Art. 56.- The temporary worker card shall entitle its holder to perform the remunerated activity for which it was issued, for the stated term, and in the assigned zone. Whoever performs work activities without being in possession of the relevant card, or performs work activities different from, or in different zones from, those for which they are authorized, or transgresses the authorized period of stay, shall be considered an illegal foreigner, subject to deportation in accordance with the provisions of this law.

Art. 57.- For the purpose of ensuring compliance with the obligations placed on the contracting employers, under the quota scheme, the Directorate General of Immigration shall require them to submit a contract performance guarantee for each worker to be hired, the amount of which shall not be less than the monthly salary that the worker shall earn, or the sum of the expenses estimated by the Directorate General of Immigration for the return of the worker to their country of origin, whichever amount is greater.

PARAGRAPH.- The granting of the deposit required by the contract performance guarantee referred to in this article does not release the employer from the sanctions that may be applied for violation of this law and its regulations.

Art. 58.- Within eight (8) days of the expiration of the period for which they have been hired, temporary workers shall be repatriated at the expense of the individual or legal entity that has hired them under the quota scheme, or before said expiration in the event that the workers have become disabled for work and have been discharged by the intervening health authority.

Art. 59.- For the purposes of the preceding article, the individual or legal entity contracting under the quota system shall notify the General Directorate of Immigration sufficiently in advance of the date of departure of workers, and on that occasion must submit a copy of the admittance list, prepared by the immigration authority acting at that time, with the hiring and severance that will have occurred, for the purposes of verification of their departure.

Art. 60.- The admission procedure for the subcategory of temporary workers and other persons who carry out cross-border non-work activities shall be governed in accordance with the bilateral agreements to be established, taking into account the condition of reciprocity.

SECTION XIII:

ON THE ENTRY, REGISTRATION, EXIT, AND RE-ENTRY OF FOREIGN NATIONALS

Article 65.- The entry of nationals and foreign nationals into the national territory shall only occur through the places specially authorized for that purpose. An authorized place is understood to be that which is under the control of the immigration authorities and has been so determined by the competent authorities.

PARAGRAPH.- The authorized places may be temporarily closed to the transit of persons when circumstances make this measure advisable.

Art. 66.- All foreigners, regardless of their category of admission, shall be subject upon entering the country, to the relevant immigration control, which shall be under the charge of the authority of the Directorate General of Immigration. The regulations of this law and the resolutions of the competent bodies shall establish the documentation that foreign nationals in the different admission categories and subcategories must present at the time of their immigration control inspection upon entry.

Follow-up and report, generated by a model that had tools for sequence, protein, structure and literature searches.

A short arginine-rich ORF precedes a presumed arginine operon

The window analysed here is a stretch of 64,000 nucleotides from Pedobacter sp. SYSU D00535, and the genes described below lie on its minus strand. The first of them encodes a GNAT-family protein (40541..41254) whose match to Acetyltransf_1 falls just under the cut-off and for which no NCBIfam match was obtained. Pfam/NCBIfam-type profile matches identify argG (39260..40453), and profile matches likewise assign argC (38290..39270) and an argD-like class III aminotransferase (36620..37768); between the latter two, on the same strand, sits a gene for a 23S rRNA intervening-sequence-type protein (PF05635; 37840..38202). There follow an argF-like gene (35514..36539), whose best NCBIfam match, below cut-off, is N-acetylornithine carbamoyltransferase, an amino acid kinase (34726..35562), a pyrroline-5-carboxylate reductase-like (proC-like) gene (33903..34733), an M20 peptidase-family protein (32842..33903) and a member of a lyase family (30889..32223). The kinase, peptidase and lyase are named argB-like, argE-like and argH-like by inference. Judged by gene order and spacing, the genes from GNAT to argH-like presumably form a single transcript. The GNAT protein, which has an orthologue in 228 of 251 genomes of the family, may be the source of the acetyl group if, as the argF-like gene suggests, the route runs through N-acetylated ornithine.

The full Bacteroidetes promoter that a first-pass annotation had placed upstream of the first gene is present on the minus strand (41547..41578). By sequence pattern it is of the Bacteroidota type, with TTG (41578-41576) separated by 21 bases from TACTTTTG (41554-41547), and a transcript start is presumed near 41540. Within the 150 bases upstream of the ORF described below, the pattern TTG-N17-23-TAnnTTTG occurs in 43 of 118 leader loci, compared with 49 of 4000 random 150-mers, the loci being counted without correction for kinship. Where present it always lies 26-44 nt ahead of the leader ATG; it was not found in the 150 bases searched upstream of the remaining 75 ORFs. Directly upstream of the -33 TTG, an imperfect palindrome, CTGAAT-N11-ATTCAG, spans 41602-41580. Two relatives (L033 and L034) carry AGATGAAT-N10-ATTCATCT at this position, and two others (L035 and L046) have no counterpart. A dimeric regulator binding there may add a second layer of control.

Art. 67.- Every foreign national who is admitted into the country shall be issued a special entry card establishing their immigration status, which they shall keep until their immigration status changes, or they leave the country.

Art. 68.- It is illegal for a foreign national to enter the national territory under any of the following circumstances:

  1. Entry into the country through a place not authorized for such purposes or evading immigration control at entry.
  2. Entry with false or incomplete documentation.
  3. Entry into the country with genuine but fraudulently obtained documentation.

Art. 69.- When a foreign national's entry into the country is declared illegal, in accordance with the provisions of this law, the General Directorate of Immigration shall proceed with their deportation.

...

Art. 71.- Within thirty (30) days of entering the country with a residence visa, a foreign national must appear before the General Directorate of Immigration in order to complete the residency application process and proceed with registration.

PARAGRAPH.- In the case of temporary workers, the immigration authority in charge of entry control shall, upon admission of the foreign national, proceed with their registration.

Art. 72.- The Registry of Foreign Nationals shall include information on the first and last names, photograph, and fingerprints of each foreigner to be registered, in addition to their nationality, date of birth, sex, marital status, date of entry, domicile, profession, activity to be carried out in the country, and financial standing.